It was a mild September day. I had my second floor apartment window open, but apparently had forgotten. I had just finished my laundry and was folding it in my tiny living room. As I often do, I started singing. The Jeffersons theme song. And I really got into it. I was singing with great passion, all the lyrics, inventing lyrics, using socks for drums, eyes closed, wailing at the top of my lungs. As I got the end, I really nailed the last “Finally got a piece of the pie” and held out that last glorious long I in ‘pie’ over several syllables. Like the actual song but ten times longer. I opened my eyes and looked out the open apartment window and there stood a family of four on the sidewalk staring at me. I stood there, stunned. They stood there, stunned. I couldn’t move. They didn’t move. There was no way I could play off what happened and I was too embarrassed to keep going. We were entranced in a face-off of awkwardness for the ages. It could have lasted 10 seconds or 10 hours. I have no idea. Eventually they moved on and I closed my window. And took inventory of my life. But one thing I do know: a theme song that is the centerpiece for THAT kind of story has to be among the greatest theme songs of all time. (Gowdy Cannon)
4. The Andy Griffith Show
Old Andy, he said to hiself, he says, “Hark!” he says, “What beauteous whistlin’ diddy is this that cometh to my ears?” This whistlin’ diddy, it was a tune that was originally written with lyrics. Although the lyrics are just fine, it is fortunate that these lyrics were replaced with the now iconic whistling. This simple, whistling tune makes you want to haul off down that dirt road and join Andy and Opey down at the fishin’ hole—and Barney and Floyd it if they have a notion to. This old theme song, it brings back a time of simplicity and wholesomeness and laughin’ and gigglin’ for the rest of your born days. (Benjamin Plunkett)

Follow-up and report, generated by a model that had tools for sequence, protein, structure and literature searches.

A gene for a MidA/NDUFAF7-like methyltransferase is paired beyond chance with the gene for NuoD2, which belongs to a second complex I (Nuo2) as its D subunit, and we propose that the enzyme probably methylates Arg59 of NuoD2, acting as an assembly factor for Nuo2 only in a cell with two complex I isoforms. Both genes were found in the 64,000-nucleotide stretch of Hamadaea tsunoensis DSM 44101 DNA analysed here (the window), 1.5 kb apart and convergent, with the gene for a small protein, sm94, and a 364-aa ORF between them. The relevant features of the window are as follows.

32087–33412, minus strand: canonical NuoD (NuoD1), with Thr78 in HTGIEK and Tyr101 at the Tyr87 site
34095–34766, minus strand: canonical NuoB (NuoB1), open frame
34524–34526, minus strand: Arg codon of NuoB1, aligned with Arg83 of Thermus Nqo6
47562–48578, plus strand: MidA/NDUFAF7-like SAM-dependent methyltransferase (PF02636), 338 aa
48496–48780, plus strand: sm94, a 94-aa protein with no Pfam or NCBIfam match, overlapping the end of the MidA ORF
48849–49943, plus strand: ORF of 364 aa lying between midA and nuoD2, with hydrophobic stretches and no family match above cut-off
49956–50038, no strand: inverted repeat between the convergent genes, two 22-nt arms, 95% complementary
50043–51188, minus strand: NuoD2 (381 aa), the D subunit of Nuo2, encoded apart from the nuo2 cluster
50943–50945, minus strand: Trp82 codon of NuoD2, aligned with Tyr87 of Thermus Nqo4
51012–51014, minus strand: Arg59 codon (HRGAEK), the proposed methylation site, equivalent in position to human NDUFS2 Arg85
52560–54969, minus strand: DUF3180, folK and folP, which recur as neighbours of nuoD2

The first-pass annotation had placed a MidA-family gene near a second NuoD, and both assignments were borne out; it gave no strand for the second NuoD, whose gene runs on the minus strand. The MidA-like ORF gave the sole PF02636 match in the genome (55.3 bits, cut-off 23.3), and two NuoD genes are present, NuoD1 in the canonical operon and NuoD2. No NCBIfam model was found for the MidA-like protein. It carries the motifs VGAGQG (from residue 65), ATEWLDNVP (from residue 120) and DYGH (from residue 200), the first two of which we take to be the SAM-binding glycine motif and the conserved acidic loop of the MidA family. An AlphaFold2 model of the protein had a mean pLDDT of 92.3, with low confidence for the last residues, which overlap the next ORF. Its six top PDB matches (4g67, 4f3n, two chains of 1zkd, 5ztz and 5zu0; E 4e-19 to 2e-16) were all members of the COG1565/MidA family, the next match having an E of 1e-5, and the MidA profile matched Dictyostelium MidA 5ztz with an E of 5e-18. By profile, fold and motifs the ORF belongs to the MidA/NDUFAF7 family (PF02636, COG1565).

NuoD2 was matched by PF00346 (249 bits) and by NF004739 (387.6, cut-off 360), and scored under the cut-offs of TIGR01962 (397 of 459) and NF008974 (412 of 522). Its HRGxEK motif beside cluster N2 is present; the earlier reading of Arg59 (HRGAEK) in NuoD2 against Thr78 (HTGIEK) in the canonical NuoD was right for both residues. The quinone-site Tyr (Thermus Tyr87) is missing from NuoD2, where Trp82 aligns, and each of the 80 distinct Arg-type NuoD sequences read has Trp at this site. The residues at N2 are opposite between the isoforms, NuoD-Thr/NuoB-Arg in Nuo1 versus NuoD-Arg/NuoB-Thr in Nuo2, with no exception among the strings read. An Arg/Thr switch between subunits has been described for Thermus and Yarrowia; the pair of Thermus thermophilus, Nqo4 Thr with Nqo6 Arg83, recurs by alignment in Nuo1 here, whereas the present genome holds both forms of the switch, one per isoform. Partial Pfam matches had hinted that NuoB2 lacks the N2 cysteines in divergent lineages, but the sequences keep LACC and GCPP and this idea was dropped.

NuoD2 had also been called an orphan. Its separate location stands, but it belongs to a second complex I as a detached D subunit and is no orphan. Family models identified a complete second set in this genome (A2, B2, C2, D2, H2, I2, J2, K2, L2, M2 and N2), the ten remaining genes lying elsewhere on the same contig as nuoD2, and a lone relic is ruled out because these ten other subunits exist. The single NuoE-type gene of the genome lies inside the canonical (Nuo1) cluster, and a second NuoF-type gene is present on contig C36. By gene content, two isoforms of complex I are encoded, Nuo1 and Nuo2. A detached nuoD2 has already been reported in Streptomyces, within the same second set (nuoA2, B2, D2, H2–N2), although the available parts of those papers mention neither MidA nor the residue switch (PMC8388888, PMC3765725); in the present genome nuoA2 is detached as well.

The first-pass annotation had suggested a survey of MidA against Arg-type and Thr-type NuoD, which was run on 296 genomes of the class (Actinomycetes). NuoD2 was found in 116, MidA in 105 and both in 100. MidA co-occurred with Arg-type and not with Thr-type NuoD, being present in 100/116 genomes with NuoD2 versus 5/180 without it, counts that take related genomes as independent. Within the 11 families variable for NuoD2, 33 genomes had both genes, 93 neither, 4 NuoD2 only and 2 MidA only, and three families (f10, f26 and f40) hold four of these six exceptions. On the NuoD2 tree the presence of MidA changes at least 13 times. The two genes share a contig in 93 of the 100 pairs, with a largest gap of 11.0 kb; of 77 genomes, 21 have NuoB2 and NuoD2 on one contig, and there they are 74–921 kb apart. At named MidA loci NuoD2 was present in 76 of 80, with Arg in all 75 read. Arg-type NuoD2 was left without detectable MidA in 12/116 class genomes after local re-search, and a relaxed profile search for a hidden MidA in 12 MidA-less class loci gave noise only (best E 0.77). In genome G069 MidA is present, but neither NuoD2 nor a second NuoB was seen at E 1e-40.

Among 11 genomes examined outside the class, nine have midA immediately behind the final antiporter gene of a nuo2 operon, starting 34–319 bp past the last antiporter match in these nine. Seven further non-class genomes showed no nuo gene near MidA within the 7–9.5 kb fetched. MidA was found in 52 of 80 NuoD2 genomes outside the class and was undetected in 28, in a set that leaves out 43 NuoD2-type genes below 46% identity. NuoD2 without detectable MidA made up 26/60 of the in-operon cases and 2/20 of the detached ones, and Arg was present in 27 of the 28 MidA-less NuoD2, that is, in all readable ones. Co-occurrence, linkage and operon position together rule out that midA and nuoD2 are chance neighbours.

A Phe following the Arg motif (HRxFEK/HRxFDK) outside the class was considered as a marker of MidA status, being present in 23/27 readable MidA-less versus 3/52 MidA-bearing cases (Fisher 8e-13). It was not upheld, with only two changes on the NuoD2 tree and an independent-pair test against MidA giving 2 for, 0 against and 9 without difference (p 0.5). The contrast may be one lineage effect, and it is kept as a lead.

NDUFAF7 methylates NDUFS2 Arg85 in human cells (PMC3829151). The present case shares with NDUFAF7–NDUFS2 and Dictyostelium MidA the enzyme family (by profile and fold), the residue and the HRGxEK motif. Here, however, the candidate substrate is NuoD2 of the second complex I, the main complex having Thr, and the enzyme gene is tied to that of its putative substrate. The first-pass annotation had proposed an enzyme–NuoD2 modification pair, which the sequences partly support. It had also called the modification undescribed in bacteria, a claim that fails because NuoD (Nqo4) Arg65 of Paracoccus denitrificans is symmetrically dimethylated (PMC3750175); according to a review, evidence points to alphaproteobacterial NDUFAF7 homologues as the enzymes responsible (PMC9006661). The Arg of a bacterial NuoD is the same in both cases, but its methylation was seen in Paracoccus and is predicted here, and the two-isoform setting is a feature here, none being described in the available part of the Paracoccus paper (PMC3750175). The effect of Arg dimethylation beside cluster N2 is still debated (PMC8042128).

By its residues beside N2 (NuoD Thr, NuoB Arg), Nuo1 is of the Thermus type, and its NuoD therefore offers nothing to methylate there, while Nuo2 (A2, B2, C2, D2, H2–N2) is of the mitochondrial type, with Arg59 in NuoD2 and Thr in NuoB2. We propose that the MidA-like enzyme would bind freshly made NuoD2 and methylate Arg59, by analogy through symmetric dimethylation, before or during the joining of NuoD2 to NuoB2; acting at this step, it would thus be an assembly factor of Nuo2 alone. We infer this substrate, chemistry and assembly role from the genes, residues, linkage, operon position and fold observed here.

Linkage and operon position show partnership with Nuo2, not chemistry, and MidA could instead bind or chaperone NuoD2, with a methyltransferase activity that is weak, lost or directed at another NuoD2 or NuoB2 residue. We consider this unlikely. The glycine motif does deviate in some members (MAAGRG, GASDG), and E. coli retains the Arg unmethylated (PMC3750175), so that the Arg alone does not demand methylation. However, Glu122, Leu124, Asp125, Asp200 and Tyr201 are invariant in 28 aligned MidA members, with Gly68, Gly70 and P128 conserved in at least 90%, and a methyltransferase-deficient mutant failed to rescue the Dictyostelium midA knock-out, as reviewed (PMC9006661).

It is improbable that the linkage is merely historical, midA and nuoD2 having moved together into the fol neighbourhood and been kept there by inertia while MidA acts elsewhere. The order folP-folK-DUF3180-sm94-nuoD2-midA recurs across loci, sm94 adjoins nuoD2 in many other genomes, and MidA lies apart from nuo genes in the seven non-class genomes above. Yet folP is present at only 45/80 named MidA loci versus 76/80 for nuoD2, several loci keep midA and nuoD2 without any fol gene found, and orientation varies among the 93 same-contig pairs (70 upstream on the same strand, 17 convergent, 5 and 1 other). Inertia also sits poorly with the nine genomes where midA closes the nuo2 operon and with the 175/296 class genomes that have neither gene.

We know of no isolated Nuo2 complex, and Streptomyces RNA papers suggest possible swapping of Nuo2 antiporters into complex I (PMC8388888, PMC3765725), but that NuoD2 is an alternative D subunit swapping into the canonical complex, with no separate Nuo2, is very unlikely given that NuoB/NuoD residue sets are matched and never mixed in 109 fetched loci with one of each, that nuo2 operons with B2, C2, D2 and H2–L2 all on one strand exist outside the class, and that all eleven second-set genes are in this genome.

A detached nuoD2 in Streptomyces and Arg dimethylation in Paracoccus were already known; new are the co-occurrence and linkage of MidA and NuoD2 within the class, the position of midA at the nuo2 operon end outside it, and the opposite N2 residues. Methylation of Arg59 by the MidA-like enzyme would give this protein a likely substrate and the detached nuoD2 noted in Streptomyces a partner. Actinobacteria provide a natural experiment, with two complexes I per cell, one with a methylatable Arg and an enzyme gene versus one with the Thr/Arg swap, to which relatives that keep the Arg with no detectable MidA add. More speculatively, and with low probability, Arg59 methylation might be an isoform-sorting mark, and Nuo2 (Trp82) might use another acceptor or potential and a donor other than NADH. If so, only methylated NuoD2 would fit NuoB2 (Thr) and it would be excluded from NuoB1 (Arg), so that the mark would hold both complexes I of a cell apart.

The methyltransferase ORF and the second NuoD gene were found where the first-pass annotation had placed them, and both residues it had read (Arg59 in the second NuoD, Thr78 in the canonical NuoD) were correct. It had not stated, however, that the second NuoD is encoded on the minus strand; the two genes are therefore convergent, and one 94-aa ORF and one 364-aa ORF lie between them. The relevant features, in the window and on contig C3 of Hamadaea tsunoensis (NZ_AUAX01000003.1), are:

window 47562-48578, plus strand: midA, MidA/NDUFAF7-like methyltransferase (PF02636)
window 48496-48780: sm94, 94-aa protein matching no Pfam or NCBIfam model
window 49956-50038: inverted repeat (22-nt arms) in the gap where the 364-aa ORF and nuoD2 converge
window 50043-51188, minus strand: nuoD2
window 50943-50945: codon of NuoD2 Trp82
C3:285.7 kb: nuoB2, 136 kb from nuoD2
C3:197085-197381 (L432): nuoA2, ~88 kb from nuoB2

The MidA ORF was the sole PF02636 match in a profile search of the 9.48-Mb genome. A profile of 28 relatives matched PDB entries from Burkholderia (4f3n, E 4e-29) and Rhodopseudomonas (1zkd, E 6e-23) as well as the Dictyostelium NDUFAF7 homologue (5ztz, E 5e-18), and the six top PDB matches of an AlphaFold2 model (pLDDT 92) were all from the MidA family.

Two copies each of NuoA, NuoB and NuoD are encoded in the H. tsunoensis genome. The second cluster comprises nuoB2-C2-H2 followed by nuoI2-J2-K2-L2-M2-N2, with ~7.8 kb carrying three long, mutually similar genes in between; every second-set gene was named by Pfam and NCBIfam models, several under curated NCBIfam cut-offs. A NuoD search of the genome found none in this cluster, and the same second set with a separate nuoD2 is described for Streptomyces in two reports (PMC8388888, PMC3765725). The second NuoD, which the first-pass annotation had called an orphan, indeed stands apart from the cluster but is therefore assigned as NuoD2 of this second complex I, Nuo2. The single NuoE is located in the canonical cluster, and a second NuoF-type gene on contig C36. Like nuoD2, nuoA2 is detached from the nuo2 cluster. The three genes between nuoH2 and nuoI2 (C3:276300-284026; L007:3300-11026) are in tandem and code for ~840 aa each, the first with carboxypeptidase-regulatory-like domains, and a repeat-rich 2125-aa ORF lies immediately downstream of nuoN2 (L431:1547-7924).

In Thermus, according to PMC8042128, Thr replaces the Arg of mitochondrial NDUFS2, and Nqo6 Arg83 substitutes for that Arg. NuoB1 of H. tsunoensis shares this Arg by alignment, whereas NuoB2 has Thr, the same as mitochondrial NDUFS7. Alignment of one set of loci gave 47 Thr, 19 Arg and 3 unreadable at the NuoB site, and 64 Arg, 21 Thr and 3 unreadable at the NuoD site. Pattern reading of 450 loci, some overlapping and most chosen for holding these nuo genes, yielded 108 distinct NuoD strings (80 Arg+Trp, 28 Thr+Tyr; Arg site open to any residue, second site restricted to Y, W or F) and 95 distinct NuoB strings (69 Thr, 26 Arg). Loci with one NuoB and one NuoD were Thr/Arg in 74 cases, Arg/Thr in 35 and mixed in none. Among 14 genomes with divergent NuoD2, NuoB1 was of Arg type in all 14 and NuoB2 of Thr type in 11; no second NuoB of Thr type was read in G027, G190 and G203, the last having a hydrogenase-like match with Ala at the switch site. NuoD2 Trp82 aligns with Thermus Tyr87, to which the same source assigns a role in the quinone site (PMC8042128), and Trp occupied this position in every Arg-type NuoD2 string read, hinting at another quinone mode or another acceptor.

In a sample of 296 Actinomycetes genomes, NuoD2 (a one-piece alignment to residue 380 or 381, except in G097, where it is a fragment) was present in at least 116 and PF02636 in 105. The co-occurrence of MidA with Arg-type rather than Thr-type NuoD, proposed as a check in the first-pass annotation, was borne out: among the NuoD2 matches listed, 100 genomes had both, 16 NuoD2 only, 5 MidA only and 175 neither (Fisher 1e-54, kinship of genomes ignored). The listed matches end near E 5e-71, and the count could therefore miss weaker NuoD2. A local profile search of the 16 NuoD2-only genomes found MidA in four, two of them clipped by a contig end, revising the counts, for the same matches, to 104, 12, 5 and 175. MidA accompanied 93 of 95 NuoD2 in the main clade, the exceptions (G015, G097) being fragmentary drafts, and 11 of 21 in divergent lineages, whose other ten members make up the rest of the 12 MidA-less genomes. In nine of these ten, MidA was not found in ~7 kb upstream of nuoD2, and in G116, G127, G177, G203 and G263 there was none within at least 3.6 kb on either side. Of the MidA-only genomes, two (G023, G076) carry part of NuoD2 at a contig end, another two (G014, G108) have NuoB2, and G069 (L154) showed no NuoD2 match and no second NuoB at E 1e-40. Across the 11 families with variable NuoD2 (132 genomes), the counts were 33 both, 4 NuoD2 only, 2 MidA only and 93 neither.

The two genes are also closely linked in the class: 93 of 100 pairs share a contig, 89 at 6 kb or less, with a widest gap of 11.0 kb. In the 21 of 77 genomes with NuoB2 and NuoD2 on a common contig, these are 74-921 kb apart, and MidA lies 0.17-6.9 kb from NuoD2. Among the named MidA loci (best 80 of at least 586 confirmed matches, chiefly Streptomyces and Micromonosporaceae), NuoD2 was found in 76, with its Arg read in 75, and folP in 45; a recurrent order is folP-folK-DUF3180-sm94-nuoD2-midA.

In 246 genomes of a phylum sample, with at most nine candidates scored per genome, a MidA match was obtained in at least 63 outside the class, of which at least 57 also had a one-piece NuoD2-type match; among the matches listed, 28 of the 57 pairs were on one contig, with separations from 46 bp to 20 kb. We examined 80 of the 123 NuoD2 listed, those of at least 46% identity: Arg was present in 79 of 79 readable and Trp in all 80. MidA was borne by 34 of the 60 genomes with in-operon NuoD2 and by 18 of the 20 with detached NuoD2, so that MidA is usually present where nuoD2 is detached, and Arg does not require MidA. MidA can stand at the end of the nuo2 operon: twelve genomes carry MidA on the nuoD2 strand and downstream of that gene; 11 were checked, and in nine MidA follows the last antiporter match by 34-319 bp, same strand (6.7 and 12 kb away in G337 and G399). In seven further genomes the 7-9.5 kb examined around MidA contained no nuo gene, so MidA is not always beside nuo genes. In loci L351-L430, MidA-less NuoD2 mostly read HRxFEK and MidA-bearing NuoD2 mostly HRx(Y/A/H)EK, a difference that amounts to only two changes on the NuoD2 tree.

3. Band of Brothers
It’s pure orchestral goodness. No lyrics. No snappy tune. Just two of the most beautiful minutes of music ever recorded. When I first watched this epic mini-series about the second World War, I knew I was in good hands as soon as the theme music started playing. It told me that this was going to be a respectful and honoring look at the brave men who fought to protect our country. Do yourself a favor. Even if you won’t watch the mini-series because you have a hard time with war violence on the screen, just watch the opening credits and listen to the music. That’s the essence of the show distilled to two minutes and 26 seconds of sound and imagery. Perfection. (Phill Lytle)